And even Amazon isn’t the antagonist in this story. Amazon Handmade has helped contribute to the growth of the artisan movement, creating a virtual marketplace on the world’s largest marketplace, where shoppers have access to small-batch products from all around the world. No longer do artisans need to compete with one another for their products to be picked up by Walmart or Target to just to get monied eyes on their goods. Instead, modern makers just buff up their Instagram profiles and type up a strong mission statement, then begin connecting directly with their target consumers through third-party marketplaces like Etsy and Amazon Handmade.
Global Collaborations with a Story
Although Target isn’t the only avenue for international sellers to get their products in front of an audience with disposable income, Target does give us a great example of how department store retailers can benefit from the artisan movement. The company is a best-in-class example of how to generate positive brand perception with cross-generational consumers. Target works with the Nest platform to identify partnerships with artisans and makers from around the world. Working with artisans on Nest gives Target the ability to create unique product showcases and online storytelling content such as Meet the Makers, to help Target create stronger personal connections with its audience by identifying it as a leader in ethical sourcing.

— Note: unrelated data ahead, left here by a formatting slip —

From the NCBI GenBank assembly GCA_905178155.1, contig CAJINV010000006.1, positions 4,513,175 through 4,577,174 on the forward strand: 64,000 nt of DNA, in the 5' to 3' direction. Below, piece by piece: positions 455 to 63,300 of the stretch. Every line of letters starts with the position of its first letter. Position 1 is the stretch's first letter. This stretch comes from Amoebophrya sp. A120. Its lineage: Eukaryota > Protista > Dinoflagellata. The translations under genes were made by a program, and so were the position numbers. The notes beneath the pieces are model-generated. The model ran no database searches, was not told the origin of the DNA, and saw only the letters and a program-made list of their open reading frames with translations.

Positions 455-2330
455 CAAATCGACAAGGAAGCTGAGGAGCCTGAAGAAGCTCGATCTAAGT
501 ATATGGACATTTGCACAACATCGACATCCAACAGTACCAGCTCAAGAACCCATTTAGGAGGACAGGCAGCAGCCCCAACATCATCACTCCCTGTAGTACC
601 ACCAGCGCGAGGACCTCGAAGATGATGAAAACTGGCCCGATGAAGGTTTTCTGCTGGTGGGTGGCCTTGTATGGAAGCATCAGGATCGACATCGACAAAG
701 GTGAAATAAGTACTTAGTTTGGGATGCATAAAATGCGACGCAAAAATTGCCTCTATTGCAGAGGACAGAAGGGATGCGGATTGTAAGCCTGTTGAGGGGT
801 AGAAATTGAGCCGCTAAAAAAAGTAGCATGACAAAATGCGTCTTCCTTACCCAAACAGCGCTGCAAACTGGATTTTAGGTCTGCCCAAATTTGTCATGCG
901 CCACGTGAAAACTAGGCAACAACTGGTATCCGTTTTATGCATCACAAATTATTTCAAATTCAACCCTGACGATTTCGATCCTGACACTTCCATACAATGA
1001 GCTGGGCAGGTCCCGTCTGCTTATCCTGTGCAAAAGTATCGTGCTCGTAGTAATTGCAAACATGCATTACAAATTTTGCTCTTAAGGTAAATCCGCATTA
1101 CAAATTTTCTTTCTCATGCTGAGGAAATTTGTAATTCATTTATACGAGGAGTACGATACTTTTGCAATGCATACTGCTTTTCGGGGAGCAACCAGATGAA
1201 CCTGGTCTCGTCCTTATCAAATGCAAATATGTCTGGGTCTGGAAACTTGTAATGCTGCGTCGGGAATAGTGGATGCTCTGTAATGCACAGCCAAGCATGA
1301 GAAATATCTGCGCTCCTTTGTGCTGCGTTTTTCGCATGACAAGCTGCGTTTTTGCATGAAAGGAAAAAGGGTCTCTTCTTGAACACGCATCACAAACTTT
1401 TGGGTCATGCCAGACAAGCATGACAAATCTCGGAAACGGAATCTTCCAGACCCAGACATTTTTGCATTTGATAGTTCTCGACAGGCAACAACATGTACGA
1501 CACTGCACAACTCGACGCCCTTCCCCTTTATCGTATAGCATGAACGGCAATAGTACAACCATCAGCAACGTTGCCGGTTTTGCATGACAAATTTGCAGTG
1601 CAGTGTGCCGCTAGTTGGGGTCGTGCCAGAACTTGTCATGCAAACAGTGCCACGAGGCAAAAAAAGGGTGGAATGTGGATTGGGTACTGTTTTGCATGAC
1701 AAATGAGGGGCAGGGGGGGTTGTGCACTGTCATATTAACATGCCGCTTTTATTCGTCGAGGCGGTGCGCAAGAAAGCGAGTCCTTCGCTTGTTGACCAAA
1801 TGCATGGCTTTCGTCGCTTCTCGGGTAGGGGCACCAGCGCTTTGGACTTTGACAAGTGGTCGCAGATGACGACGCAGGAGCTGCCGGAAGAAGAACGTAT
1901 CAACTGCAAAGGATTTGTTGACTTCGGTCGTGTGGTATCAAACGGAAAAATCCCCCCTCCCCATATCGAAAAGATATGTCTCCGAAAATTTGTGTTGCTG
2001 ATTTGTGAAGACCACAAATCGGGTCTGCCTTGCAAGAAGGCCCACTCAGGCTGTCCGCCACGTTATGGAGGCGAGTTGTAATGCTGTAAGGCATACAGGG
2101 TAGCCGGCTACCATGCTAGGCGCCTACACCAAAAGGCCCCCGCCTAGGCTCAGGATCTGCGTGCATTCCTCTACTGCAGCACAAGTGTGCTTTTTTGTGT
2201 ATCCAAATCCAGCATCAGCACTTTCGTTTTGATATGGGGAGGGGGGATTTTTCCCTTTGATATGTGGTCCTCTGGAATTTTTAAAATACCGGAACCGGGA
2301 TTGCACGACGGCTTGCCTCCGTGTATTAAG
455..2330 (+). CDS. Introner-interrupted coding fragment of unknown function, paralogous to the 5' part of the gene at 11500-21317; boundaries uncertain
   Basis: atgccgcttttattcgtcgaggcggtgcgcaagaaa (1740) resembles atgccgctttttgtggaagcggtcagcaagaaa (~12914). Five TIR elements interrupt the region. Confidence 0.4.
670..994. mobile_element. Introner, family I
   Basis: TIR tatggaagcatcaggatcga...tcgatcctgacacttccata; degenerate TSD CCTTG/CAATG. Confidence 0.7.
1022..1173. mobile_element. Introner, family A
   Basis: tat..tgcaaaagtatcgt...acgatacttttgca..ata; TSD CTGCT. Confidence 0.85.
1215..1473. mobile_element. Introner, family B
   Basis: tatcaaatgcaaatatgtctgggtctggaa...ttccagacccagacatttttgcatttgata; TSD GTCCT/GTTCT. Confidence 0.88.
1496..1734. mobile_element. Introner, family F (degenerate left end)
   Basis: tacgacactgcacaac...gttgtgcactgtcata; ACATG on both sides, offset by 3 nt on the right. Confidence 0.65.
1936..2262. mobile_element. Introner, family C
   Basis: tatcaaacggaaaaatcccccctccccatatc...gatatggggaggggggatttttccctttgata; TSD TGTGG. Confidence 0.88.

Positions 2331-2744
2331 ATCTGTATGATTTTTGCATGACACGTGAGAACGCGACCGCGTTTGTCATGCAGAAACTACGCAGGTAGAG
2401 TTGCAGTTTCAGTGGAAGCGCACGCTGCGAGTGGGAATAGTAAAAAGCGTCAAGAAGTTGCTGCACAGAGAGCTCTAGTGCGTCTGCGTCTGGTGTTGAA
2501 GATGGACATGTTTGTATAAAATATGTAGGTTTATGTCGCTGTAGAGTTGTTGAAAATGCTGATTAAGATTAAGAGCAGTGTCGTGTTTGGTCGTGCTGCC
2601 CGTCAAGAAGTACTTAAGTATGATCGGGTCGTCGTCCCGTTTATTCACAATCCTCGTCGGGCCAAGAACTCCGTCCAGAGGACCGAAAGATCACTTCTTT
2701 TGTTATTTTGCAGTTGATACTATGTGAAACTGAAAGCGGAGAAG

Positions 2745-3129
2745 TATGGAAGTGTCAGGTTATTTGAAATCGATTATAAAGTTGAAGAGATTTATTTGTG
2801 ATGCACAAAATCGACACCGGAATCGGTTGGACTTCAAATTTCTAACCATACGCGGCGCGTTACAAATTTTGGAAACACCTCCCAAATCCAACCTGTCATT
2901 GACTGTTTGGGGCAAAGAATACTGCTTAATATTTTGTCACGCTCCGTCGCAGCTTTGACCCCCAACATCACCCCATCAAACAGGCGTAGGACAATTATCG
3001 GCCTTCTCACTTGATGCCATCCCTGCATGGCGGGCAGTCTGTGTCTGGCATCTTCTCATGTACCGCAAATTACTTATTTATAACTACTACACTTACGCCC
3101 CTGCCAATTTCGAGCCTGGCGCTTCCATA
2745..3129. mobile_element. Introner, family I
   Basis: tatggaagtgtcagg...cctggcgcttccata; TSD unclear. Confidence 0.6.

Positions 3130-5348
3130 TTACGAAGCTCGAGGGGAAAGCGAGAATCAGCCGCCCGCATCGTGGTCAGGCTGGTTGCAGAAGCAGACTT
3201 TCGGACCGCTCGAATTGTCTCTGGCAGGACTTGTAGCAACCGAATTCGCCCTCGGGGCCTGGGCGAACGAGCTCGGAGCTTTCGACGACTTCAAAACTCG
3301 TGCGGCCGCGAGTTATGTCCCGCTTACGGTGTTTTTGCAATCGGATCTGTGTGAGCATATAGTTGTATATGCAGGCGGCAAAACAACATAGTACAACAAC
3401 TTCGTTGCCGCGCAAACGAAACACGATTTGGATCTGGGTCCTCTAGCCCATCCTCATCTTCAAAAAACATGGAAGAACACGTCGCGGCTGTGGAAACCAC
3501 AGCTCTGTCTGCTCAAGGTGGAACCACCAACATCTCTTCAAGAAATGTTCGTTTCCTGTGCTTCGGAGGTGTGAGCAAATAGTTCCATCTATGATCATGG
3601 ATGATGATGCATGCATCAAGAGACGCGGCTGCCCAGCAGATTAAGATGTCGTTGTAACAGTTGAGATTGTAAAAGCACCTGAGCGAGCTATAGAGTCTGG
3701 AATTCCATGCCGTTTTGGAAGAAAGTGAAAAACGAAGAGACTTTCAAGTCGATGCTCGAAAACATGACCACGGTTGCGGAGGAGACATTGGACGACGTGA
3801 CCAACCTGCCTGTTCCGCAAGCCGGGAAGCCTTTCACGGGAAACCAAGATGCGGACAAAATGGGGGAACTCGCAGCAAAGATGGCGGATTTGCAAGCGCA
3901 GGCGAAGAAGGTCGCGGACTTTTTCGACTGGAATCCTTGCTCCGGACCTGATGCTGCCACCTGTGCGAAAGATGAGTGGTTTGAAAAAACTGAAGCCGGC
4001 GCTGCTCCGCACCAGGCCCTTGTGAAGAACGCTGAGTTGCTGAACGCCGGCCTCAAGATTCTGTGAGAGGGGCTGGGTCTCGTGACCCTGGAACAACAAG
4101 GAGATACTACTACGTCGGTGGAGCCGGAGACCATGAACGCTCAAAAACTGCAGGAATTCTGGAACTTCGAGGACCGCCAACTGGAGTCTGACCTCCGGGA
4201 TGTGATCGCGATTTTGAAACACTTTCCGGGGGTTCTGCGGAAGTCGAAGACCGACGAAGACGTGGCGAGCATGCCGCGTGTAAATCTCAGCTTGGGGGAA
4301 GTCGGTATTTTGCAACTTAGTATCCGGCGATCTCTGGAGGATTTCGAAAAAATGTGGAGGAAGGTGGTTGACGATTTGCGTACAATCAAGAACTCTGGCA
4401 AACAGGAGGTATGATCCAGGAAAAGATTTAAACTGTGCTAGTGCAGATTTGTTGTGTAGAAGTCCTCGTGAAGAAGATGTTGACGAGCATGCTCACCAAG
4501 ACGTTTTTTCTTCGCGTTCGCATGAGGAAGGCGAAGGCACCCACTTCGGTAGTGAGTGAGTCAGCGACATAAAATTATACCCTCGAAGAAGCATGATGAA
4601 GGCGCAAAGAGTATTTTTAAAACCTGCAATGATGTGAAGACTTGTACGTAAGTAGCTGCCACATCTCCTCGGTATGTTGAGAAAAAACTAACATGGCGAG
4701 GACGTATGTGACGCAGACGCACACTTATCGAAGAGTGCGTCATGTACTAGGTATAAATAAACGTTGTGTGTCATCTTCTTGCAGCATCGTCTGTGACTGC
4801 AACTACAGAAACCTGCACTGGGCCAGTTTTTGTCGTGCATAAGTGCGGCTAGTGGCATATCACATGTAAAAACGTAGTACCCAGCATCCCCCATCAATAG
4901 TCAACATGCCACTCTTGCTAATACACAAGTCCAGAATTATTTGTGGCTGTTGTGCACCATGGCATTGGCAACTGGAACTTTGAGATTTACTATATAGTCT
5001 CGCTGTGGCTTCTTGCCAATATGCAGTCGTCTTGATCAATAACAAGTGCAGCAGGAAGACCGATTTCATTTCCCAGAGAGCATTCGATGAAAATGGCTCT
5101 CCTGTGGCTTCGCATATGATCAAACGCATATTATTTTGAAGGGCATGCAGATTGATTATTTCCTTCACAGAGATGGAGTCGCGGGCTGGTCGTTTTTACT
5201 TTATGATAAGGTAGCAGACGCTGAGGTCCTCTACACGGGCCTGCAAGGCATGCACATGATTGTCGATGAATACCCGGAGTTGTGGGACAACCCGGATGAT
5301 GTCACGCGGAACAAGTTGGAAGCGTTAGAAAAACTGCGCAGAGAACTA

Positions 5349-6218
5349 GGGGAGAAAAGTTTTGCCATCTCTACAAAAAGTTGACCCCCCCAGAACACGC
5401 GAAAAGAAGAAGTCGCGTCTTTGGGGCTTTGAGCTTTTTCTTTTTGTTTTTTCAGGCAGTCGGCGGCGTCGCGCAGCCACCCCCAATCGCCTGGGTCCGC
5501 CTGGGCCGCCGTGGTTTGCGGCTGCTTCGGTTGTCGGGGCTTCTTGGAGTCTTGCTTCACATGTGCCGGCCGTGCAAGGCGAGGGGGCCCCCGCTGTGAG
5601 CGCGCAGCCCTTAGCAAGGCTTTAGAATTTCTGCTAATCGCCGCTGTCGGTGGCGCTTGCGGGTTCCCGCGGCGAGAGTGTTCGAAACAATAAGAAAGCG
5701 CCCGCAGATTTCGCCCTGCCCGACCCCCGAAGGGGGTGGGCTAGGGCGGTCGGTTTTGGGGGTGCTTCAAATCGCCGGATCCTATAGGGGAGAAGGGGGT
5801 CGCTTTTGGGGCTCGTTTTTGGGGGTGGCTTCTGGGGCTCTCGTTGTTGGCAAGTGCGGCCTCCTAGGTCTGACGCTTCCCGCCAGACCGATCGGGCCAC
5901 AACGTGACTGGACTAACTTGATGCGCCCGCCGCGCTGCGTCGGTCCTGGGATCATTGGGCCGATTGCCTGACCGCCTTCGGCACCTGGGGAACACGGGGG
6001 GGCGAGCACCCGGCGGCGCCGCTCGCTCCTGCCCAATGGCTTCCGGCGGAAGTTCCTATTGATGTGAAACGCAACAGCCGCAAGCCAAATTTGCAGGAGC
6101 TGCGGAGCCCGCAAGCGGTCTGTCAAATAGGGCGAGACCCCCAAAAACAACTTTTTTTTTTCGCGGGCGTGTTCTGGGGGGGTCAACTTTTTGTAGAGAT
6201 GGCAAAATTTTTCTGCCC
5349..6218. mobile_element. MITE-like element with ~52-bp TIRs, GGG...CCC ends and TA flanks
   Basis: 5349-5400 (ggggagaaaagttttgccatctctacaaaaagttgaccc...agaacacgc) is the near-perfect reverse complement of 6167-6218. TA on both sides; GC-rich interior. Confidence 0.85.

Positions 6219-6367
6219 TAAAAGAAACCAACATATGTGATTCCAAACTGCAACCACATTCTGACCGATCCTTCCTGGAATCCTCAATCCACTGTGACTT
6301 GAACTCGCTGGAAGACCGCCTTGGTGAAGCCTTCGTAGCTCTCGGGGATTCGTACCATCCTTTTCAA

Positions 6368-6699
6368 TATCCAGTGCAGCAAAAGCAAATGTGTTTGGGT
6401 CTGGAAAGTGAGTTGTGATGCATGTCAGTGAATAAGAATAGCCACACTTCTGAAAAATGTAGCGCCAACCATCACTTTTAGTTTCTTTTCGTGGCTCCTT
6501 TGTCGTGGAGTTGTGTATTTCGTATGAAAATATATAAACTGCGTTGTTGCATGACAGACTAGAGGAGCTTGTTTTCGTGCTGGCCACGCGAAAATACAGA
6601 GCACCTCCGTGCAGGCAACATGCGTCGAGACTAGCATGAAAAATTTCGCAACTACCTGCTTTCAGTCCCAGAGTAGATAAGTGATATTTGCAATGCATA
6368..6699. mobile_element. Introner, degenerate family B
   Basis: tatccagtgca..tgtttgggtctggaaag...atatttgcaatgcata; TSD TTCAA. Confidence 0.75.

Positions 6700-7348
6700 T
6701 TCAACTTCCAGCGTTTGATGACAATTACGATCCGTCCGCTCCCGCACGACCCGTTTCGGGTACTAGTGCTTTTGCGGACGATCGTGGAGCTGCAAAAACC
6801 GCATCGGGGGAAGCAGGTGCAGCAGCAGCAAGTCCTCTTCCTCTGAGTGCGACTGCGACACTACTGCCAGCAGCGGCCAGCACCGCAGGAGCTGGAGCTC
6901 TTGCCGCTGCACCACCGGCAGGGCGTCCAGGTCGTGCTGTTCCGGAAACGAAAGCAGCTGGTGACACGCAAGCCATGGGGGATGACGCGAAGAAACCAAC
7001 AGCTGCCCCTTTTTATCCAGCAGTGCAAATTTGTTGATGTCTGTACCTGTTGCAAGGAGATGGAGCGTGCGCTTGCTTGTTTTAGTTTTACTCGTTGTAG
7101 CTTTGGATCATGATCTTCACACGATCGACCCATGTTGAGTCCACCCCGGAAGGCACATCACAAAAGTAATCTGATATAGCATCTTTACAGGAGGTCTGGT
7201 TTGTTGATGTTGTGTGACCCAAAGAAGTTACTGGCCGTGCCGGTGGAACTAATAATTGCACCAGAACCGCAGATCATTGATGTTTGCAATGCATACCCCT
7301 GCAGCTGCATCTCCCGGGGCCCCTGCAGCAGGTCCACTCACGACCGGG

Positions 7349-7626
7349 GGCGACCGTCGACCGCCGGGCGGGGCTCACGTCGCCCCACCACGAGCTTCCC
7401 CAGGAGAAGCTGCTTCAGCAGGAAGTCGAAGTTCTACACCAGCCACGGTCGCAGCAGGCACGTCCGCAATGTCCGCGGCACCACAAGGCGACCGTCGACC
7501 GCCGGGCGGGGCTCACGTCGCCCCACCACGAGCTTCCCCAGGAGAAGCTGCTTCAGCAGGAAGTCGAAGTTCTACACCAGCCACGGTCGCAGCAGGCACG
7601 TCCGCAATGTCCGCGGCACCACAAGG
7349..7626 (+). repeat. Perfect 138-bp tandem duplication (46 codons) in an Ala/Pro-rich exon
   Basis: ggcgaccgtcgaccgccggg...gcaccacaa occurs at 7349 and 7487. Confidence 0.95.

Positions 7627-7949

Target’s sustainability initiatives are as extensive as they are publicized. The retailer works with EcoSet, “a small team of do-gooders whose sole purpose is to think about the environmental impact,” on all of its marketing initiatives. According to the department store’s website, the collaboration with EcoSet has helped Target’s production team divert over 1,000 tons of trash from landfills in the past decade, which is exactly the type of numbers that Gen Z and millennial customers want to see when purchasing a product from a well-known department store.
Sourcing from Within the Community for In-Store Events